I can not honestly say that I learned anything new about dinosaurs from this book - nor do I really believe my sons learned anything new, but repeating the same facts over an over through different books make help them to commit these facts to memory. There are a few facts the children argued with - in particular my son insists that they do not know if stegasaurus's plates changed colour or why - and he is correct in this. The "fact" presented here is not really fact at all, but simply theory. That said, questionable facts like this present a a wonderful educational opportunity and if the child comes away with a better understanding of facts vs theories this book has been a worthwhile purchase for this discussion alone. I am not really criticising this book because we didn't learn anything new. I do feel that we have read significantly more books on this subject than the average family, and I would think the average child of 4 -8 would find something new in this book.
My sons did enjoy this book. They especially enjoyed a flap which shows two young dinosaurs playing on what appears to be rock - but turns out to be a rather grumpy looking Gargoylosaurus when you lift the flap. My four year old was also delighted with an illustration showing two Parasaurolophus ( his very favourite dinosaur) with musical notes above them. The text asks what are they saying and the flaps say "I am better than you" and "No - I am better the you". He thought this was brilliant - but my oldest thought it was a bit silly as dinosaurs are very unlikely to have had this type of ability to communicate - and he also scoffs at the idea of them playing a tune - which the book says they did. He feels that they probably did make sounds, but he does not believe they actually played music - the start of another long conversation - What is music and is it a strictly human endeavor?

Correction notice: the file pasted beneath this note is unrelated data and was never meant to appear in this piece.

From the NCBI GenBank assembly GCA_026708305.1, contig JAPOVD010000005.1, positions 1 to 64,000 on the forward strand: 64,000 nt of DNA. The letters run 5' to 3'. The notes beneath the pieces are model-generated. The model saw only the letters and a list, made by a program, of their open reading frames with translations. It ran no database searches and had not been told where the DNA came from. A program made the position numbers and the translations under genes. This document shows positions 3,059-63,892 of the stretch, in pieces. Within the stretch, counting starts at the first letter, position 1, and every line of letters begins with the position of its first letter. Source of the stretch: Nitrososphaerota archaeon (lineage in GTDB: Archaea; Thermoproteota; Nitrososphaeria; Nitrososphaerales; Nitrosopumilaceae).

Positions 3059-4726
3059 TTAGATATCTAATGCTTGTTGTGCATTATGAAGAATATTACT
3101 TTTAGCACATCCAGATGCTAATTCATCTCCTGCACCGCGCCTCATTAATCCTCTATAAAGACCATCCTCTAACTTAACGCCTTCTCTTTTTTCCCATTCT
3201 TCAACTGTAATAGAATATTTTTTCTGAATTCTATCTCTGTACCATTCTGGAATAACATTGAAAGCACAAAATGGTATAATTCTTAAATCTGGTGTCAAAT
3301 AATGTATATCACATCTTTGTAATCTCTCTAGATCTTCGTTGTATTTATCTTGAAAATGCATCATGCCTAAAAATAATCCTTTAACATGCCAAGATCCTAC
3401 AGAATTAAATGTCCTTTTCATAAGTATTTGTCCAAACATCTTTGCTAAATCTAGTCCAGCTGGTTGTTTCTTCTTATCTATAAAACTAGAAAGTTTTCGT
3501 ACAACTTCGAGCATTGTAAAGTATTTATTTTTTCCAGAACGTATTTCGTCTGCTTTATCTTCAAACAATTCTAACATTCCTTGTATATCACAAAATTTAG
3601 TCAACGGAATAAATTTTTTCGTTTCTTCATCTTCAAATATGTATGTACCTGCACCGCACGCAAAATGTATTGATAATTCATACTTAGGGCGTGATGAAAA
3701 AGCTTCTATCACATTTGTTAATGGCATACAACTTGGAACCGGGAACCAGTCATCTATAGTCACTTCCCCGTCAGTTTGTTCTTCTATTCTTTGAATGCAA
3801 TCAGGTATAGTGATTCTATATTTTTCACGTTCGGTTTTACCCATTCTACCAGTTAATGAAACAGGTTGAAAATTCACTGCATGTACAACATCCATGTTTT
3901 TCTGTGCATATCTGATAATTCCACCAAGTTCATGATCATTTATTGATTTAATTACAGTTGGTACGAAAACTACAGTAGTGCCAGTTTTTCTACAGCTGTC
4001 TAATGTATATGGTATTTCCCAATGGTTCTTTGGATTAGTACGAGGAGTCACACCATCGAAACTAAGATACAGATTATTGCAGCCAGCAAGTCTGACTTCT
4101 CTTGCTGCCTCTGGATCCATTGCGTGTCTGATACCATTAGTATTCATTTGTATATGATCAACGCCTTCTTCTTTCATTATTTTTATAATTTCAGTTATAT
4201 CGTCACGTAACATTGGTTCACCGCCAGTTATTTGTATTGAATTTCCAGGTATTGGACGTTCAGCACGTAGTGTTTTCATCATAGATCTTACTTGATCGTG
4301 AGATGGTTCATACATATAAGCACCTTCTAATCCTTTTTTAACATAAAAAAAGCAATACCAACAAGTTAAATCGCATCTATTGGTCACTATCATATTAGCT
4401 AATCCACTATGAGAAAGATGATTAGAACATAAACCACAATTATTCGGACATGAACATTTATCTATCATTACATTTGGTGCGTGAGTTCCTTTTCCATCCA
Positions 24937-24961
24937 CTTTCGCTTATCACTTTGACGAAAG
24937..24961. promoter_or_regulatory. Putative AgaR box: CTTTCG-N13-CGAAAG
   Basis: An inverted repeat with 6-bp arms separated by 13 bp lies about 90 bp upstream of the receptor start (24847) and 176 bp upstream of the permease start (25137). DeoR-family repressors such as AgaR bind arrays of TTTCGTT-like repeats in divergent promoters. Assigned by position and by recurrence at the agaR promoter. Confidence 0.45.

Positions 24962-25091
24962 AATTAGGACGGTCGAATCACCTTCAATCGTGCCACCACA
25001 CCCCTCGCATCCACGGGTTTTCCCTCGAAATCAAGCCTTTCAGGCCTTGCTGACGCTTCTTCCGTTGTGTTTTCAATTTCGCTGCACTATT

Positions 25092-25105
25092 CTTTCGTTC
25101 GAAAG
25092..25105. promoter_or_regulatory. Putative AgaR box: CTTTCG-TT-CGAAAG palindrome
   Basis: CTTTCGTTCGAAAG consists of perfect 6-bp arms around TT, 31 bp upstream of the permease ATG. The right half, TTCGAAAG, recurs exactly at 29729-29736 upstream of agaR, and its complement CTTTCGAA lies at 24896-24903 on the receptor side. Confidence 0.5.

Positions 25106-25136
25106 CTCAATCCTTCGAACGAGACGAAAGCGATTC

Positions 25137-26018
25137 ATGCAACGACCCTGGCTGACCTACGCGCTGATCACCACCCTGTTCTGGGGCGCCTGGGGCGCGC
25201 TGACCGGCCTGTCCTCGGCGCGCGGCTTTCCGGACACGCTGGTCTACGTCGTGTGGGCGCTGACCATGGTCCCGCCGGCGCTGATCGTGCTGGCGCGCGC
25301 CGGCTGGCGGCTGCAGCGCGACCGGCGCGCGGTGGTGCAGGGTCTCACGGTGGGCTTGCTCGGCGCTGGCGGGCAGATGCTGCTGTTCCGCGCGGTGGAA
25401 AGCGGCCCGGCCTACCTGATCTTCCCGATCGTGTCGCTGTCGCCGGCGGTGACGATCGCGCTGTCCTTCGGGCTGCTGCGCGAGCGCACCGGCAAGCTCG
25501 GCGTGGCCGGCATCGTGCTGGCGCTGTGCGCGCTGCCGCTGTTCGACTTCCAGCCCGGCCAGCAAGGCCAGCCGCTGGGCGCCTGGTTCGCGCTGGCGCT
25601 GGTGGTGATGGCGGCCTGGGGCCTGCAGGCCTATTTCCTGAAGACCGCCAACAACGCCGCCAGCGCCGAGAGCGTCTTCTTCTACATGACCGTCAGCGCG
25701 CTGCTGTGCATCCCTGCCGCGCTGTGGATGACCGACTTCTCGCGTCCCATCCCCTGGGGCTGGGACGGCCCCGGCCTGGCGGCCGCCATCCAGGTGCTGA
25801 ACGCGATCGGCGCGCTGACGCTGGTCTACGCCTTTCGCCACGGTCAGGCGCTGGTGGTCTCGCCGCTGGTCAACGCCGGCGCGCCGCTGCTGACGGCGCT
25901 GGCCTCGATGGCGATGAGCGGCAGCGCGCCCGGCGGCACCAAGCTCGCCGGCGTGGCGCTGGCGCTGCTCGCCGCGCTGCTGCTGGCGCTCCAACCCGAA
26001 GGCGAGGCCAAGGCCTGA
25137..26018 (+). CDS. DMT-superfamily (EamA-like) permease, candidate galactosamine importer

On the downside though, there is a lot of death in this book. There are flaps with the flesh being ripped from creatures as well as a large number of dead or dying animals shown as the mass extinction begins. My youngest did not really like this section at all, especially as some dinosaurs are shown suffering. He doesn't mind as much where he knows the story is fiction, but when I tried to explain that the picture was just made up by an artist I didn't get to far as he said yes - but dinosaurs did really die like that and I could tell he was able to imagine it very clearly. I can't say it shouldn't be in the book - the facts of life are often cruel, but I would have preferred it to be less graphic especially in the depiction of suffering dinosaurs. My son usually suggests that we skip this page when reading - and I believe this page is the main reason this book has not been read as often as similar titles.
Overall - I would recommend this book if you have a child who enjoys dinosaurs between the ages of 4 - 8, this is a fun way to learn about them, or just to enjoy going over the facts. I do wish theories had been presented as theories rather than facts though and I have deducted one star for this reason. I considered knocking another star off for going a bit too far with the scenes of death, but this really is a good book overall and deserves more than 3 stars. We enjoyed this book and it has been well the worth the purchase price of £7.99 new or £3.51 used from Amazon both prices including postage. I would caution that parents be aware that this book might be upsetting for very for young children, another reason for me recommending that parents wait until at least age 4.